During the festivities of the 150th anniversary of the relations between France and Japan, this exhibition puts the work of two artists face to face: Mathurin Méheut (1882-1958), French painter who worked in Japan, and Kojiro Akagi (born in 1934), Japanese painter who has lived in Paris for the last 45 years.
Right bank and left bank
Even though they lived a century apart, the two artists followed a similar procedure, including an attempt to understand the culture that was foreign to them. The exhibition will be held simultaneously on two sites. On the right bank, at the town hall of the IXth arrondissement the public can see the oil and watercolours of the two artists. On the left bank, the Maison de Bretagne hosts their graphic works. The museums in Brittany have made important loans of works by Mathurin Méheut for this event, and they will also dedicate (at Lamballe and Morlaix) a large retrospective to the painter for the fiftieth anniversary of his death.
Méheut, a semester in Japan
Born in Britany, at Lamballe, where a museum is dedicated to him, Mathurin Méheut settled at the very beginning of the XXth century in Paris, where his illustrations of natural history were remarked (animals, plants), while he collaborated in particular in the Encyclopédie artistique et documentaire de la plante (1913). There he had the opportunity to rub elbows with artists such as Mucha. Following his first personal exhibition, at the museum of decorative arts (1913), he was granted a scholarship by the Fondation Albert Kahn, aimed at financing a world tour. On 10 January 1914, the liner La Provence sailed from the Havre with Mathurin Méheut and his wife Marguerite on board. He spent over six months in Japan, and brought back a great number of sketches from which he later painted major, large format frescoes. Some thirty paintings of his, from private and public collections, are brought together in this exhibition.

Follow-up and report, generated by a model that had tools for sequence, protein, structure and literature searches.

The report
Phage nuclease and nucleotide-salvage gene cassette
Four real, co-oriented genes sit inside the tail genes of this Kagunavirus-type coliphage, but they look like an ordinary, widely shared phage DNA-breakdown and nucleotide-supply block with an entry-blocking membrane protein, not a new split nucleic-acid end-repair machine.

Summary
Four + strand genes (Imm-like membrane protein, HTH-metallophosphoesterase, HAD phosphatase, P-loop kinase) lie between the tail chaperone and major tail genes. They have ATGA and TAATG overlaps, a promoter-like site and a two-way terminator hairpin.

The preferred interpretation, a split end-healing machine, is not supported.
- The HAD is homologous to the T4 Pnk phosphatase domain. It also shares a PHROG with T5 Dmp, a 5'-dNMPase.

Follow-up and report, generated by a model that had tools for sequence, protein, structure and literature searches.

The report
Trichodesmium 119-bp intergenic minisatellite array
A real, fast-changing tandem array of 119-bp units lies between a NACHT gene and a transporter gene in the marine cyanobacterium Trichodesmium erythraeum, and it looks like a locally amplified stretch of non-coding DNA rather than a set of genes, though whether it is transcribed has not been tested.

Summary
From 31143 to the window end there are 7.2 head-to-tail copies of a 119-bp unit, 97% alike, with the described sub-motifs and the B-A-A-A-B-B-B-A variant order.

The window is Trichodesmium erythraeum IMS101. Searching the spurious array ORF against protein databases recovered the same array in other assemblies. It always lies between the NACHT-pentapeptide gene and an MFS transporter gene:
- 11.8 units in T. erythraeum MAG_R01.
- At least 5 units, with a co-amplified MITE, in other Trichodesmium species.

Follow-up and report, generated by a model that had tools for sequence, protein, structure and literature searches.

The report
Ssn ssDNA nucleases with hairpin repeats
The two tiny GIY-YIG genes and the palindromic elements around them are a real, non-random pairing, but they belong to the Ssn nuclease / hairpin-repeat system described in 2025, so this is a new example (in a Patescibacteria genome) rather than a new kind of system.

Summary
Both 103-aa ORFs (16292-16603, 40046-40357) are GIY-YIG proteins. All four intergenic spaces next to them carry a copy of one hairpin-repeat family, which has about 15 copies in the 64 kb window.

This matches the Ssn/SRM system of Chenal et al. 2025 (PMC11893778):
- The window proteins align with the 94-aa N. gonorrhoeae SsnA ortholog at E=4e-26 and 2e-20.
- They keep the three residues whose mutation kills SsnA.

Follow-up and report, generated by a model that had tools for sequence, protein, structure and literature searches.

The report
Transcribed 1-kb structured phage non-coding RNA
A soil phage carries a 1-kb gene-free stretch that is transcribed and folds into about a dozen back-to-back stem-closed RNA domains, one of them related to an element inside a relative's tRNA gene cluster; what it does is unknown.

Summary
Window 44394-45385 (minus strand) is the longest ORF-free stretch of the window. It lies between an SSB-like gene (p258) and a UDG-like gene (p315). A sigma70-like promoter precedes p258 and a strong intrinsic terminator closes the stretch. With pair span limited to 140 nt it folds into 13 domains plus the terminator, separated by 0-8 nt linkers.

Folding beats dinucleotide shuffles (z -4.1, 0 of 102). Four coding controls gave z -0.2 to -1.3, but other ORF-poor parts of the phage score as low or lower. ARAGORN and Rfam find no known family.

Akagi and the streets of Paris
Born in 1934 at Okayama-shi in Japan, Kojiro Akagi arrived in France in 1963 and entered the Ecole Nationale Supérieure des Beaux-arts (National School of Fine Arts) in Paris. Akagi started by painting directly from what he saw. He drew the streets of Paris in ink and watercolour then transposed them to oil through a very meticulous technique, in which his «trade mark» is a white or red line (his fetish colour, Aka meaning «red» in Japanese) in thick relief. He was fascinated by Parisian architecture, but also painted nudes and still lives. He won the Gold Medal for watercolours at the Salon des Artistes Français in 1971, and then received various other prices and distinctions and has shown his work in a great number of many major institutions (the musée Carnavalet has 111 works of his),
Catalogue of the exhibition: 44 pages, paperback, 27 coloured illustrations, introduction by four representatives of the art and diplomatic worlds.